Mohamed, who is currently a nurse at the University of Minnesota Medical Centre, is married and has four children.

Last month, he visited Kenya after 30 years to look for Florence Lintari, the nurse who treated him in Isiolo.
With links in both the US and Kenya, he finally found Florence, who retired in 2020 and currently lives in Machakos town. Her final work station was at Machakos Level 5 Hospital.

“I am so happy to meet her again after 30 years. She didn’t even know where I went to after I left Isiolo, so I came back to look for her and thank her for treating me and saving my life. In fact, she inspired me to take up a course as a nurse so that I can help other people,” says Mohamed.

He has since established a medical charity, Health Extension, Promotion and Training Organisation (Hepto) with its head office in Minnesota, US and branches in Ethiopia and Somalia. He says Hepto Kenya office will open its doors soon and Florence will be instrumental in its administration. 


Saturday, September 4, 2021

Inside Somalia-Turkey health relations

 The downfall of Somalia's military government in 1991 led to a series of crises for the Somali people in terms of security, the economy, and social services overseen by decaying government institutions and administrations. In the aftermath of national disasters and post-traumatic ripple effects, the situation is improving at a slow pace, although there is still much room for improvement and a long way to go.

Officials cut a ribbon during a ceremony to mark 10 years of Turkish and Somali relations, in Mogadishu, Somalia, Aug. 19, 2021. (AA Photo)

In modern and federal Somalia, the health system and social care are at the heart of the pressing issues of maternal and child deaths, substance abuse, increasing cancer rates and urbanization of the health sector.

The international community provided funds so Somalia can better provide services and develop but no significant progress was made in reconstructing and restructuring the Somali health care system.

Instead, widespread bureaucratic discretion and disorganization at various levels surrounded the health sector. In 2011, Turkey launched a new win-win-based approach to Somalia, after two decades of roadblocks and a health system in turmoil.

10 years of strategy

Today marks 10 years since Turkey's arrival in Somalia. In addition to lending its strategic vision, Turkey played an iconic role in providing services, massively so in the health sector through four categorical road maps.

The first point is physical infrastructure. One undisputable, big example is the Mogadishu Somali Turkey Training and Research Hospital in Somalia's capital, honorably known as Recep Tayyip Erdoğan Hospital. The hospital was constructed by the Turkish International Cooperation and Development Agency (TIKA) to international standards and serves as the country's most affordable medical provider with a 200-bed capacity. The hospital is equipped with intensive care units for adults and children, incubators, operating and delivery rooms, as well as radiology and laboratory units. Additionally, it serves as a center for scientific medical research and training for students and health professionals.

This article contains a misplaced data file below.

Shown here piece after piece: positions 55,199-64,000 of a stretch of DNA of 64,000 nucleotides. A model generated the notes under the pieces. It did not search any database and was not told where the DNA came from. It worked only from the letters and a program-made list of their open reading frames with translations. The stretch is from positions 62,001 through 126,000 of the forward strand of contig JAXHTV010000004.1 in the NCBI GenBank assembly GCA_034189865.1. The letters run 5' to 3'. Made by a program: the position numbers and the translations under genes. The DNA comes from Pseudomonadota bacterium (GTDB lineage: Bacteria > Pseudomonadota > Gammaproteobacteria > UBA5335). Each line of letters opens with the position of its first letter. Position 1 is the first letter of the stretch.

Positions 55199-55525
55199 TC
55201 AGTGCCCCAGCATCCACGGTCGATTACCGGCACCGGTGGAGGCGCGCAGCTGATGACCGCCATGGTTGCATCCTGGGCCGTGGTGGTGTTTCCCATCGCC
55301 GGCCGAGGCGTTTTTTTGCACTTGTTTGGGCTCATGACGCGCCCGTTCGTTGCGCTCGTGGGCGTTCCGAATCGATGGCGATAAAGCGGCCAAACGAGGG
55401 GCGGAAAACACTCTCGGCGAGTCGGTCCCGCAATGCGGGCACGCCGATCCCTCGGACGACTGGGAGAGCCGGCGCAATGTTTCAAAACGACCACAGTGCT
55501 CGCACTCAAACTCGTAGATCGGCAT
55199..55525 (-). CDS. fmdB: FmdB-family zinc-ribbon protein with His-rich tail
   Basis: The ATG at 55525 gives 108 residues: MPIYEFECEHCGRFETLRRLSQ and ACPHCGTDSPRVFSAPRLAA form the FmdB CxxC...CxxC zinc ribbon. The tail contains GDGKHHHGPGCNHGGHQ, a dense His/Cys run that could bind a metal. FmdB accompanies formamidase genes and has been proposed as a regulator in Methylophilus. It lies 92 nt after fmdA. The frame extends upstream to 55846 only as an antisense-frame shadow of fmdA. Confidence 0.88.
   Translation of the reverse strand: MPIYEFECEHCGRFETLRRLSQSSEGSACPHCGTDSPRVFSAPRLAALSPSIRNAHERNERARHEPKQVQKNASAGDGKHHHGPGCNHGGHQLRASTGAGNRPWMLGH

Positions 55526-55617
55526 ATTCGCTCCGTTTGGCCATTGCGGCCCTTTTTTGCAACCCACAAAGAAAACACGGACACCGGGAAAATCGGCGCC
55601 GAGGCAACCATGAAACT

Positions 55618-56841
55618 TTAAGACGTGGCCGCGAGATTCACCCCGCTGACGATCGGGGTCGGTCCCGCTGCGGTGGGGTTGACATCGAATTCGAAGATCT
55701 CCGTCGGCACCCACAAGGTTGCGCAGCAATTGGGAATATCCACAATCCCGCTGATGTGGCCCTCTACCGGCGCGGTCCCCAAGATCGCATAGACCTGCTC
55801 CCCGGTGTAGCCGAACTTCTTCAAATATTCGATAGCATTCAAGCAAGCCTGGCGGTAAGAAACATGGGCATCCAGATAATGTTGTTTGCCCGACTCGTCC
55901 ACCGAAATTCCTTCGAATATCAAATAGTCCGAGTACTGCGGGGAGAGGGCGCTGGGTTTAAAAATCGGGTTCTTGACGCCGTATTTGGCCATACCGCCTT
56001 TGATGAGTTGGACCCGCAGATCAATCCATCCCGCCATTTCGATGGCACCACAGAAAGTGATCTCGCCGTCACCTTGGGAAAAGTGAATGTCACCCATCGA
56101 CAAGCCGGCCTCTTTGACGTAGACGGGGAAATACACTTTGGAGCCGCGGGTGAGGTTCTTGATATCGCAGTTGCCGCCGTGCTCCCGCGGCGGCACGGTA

This brings us to Yardimeli Hospital run by the Turkish nongovernmental organization (NGO) Yardımeli Association. Active in the African region, the association's slogan is: “No more child mortality, no more death for mothers." Maternal and child mortalities are one of the biggest disappointments stemming from Somalia's health system. In this regard, Yardımeli Hospital became part of the solution by improving access to maternal and child health services.

Turkey's second point was to empower the health workforce. Somalia's workforce is urbanized and badly fragmented at both the national and regional levels, with a lack of qualified people to make up the health sector. With the vision of filling this gap, the Somalia-Turkey Research and Training Hospital began licensing doctors after they completed medical training and examinations under the guidance and protocols of the Turkish Ministry of Health.

These institutions have also contributed to the decrease in unemployment in the health sector. On an international note, Somali students studying health sciences are part of the Turkey Scholarships family, accelerated by the Presidency for Turks Abroad and Related Communities (YTB). The scholarship provides free education at all levels, accommodation, health insurance, and travel and living expenses.

Health as humanitarian relief

The third point focuses on health as humanitarian relief to respond to crises and human-made disasters prone to occur in Somalia, including outbreaks, droughts and terrorist attacks. Between July 2011 and mid-2012, a severe drought affected the entire East African region. Said to be "the worst in 60 years," the drought caused a severe food crisis across Somalia, Djibouti, Ethiopia and Kenya that impacted the lives of 9.5 million people.

During the drought, Turkey massively funded humanitarian relief and provided primary care services in drought-affected areas and communities. Furthermore, Turkey has been there when the country experienced its biggest bombings, when the biggest blast in Somalia's history occurred on Oct. 14, 2017, more than 30 critically ill patients were taken to Turkey and treated at hospitals in Ankara.

In 2020, Ankara shipped COVID-19 aid to Somalia’s capital Mogadishu to help combat the pandemic. A quote from Sufi philosopher Mevlana Jalaladdin Rumi was written on the boxes in both Somali and Turkish, reading: “There is hope after despair and many suns after darkness.”

The fourth point was health tourism. People seek medical treatment abroad for many reasons, some due to a lack of advanced health care being available, while for others – even in more developed nations – the necessary care remains out of budget. With most of its hospitals accredited by Joint Commission International, Turkey is a leading actor in the health tourism industry due to its highly advanced technology, affordable care, qualified doctors and approach to health policy.

Today many Somalis have traveled to Turkey for medical tourism since the signing of the contemporary agreements between Mogadishu and Ankara, whereas in the past most would seek medical treatment in India. While receiving treatment, these patients play an important role in Turkey's economic development and its Health Tourism Vision for 2023. This may also be a good example of a win-win deal between Somalia and Turkey.

Connecting the dots to reach the final point, health systems are contingently reshaped and improved through lesson-learning and experience-sharing between countries. A strategically and resourcefully sound country, Somalia can contextually and pragmatically emulate Turkey's example of radical health sector transformation while maintaining local contexts and dynamics when designing its health system.

This could initiate a new era for advanced relationships in health care, breaking from the status quo that health cooperation is limited to humanitarian and economic circumstances.

PhD candidate in Health Management, Ankara University